The presence of a group of female disciples of Jesus at the crucifixion of Jesus is found in all four Gospels of the New Testament. There have been different interpretations how many and which women were present. Although some Christian traditions hold that there were Three Marys at the cross, only one gospel claims this, and these names differ from the other gospels.
|Women at the cross||Matthew 27:55–56
many women ... who had followed Jesus from Galilee, ministering to him, among whom were Mary Magdalene and Mary the mother of James and Joseph and the mother of the sons of Zebedee
women ... among whom were Mary Magdalene, and Mary the mother of James the younger and of Joses, and Salome
the women who had followed him from Galilee
his mother and his mother's sister, Mary the wife of Clopas, and Mary Magdalene
|Women at the burial||Matthew 27:61
Mary Magdalene and the other Mary were there, sitting opposite the tomb
Mary Magdalene and Mary of Joses saw where he was laid
the women who had come with him from Galilee
|Women visiting the tomb||Matthew 28:1
Mary Magdalene and the other Mary
Mary Magdalene and Mary the mother of James and Salome
Mary Magdalene and Joanna and Mary the mother of James and the other women with them
Matthew and Mark, who speak of "many women" present at the crucifixion, mention three individually at the death of Jesus and two at his burial. Matthew describes the third individual present at the death as the mother of the sons of Zebedee, without naming her. Mark's third individual is called Salome. Luke mentions none individually. John mentions four individually, including Jesus' mother Mary, who is not mentioned by the other gospels.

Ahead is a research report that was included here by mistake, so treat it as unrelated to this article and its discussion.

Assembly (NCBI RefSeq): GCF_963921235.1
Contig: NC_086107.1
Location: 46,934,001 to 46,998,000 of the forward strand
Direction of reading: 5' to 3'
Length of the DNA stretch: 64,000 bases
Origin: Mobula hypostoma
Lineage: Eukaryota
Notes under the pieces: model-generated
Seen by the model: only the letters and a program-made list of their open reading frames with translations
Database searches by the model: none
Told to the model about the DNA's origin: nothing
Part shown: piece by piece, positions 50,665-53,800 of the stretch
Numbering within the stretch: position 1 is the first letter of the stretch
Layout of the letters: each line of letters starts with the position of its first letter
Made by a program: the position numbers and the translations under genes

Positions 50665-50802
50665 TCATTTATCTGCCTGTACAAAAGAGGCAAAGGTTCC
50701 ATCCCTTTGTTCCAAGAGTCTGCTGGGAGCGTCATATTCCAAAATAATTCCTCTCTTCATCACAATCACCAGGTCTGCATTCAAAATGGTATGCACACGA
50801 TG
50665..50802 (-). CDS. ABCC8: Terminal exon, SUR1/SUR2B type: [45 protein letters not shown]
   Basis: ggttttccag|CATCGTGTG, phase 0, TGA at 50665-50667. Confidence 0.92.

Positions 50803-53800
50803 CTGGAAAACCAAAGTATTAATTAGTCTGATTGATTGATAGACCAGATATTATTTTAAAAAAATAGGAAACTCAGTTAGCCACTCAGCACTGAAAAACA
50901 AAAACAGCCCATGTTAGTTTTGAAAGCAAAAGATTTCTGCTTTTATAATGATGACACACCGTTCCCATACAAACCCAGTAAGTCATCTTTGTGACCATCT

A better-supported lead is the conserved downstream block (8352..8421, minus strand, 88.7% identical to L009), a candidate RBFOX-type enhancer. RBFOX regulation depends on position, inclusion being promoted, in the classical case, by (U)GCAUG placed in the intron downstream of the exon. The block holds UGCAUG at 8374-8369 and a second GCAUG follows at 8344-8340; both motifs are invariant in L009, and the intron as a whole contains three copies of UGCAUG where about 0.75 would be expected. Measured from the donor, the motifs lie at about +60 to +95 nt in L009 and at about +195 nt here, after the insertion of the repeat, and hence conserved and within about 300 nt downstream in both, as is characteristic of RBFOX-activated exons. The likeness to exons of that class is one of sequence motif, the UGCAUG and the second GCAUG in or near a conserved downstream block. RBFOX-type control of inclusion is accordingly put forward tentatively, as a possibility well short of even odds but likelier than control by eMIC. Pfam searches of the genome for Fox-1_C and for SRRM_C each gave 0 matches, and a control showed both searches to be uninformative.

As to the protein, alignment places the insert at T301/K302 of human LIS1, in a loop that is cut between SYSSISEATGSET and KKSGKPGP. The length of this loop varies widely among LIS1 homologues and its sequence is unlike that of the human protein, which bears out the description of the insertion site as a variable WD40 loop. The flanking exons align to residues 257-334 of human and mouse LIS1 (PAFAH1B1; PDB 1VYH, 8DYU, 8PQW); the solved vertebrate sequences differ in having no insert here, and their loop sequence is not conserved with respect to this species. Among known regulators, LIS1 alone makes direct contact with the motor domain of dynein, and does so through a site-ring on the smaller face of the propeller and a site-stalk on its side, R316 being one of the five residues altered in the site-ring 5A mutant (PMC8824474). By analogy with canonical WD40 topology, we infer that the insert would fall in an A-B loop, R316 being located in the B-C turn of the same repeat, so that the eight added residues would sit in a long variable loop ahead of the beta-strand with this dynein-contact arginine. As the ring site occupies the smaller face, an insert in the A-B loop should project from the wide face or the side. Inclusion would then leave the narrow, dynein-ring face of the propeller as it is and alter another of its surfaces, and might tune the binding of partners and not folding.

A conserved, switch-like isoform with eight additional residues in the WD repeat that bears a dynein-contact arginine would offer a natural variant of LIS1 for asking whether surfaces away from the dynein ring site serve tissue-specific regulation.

The indication in John 19:25 could be interpreted as referring to two, three or four women. There are difficulties against taking it as presenting a double apposition, with "his mother" being Mary of Clopas, and "his mother's sister" being Mary Magdalene. If the women are three, then there is a single apposition, with Mary of Clopas presented as the sister of Jesus' mother (despite the awkwardness of having two sisters bearing the same name) or else, since Hebrew and Aramaic had no specific word for "cousin", presented as her cousin or her sister-in-law, with Clopas considered the brother of Joseph. If there is no apposition, the women are four, as understood by Tatian and the Peshitta. If the last interpretation is chosen, the accounts that the four gospels give of individual women present at the crucifixion are:: 69
|Mary, mother of Jesus||Y|
|Mary, mother of James and Joseph/Joses||Y||Y|
|The mother of the sons of Zebedee||Y|
|A sister of Mary, mother of Jesus||Y|
|Mary of Clopas||Y|
Mary Magdalene is mentioned by all gospels apart from Luke, who mentions no individual. Mary, mother of James and Joseph/Joses is mentioned by Matthew and Mark. The others are mentioned by one gospel only: Mary, the mother of Jesus; Mary, the mother of the sons of Zebedee; Salome; a sister of Mary, mother of Jesus; Mary of Clopas.
Attempts have been made to consider Mary of Clopas, the mother of Zebedee's sons James and John, and a half-sister or sister-in-law of Mary the mother of Jesus as different descriptions of the same person.
- ^ Raymond E. Brown, The Death of the Messiah (Chapman 1994 ISBN 0-225-66748-7), pp. 1014–15
- ^ Brown, Raymond E. (1978). Mary in the New Testament. New York City: Paulist Press. pp. 68–72. ISBN 9780809121687. Retrieved 24 January 2021.
- ^ Adam Clarke, The Holy Bible, containing the Old and New Testaments, Volume 3 1837. p. 794: "That Cleophas, called also Alpheus, married a sister of the blessed virgin, called also Mary, by whom he had the above issue ; and that ... among whom were Mary Magdalen, and Mary the mother of James the less and of Joses, and Salome was"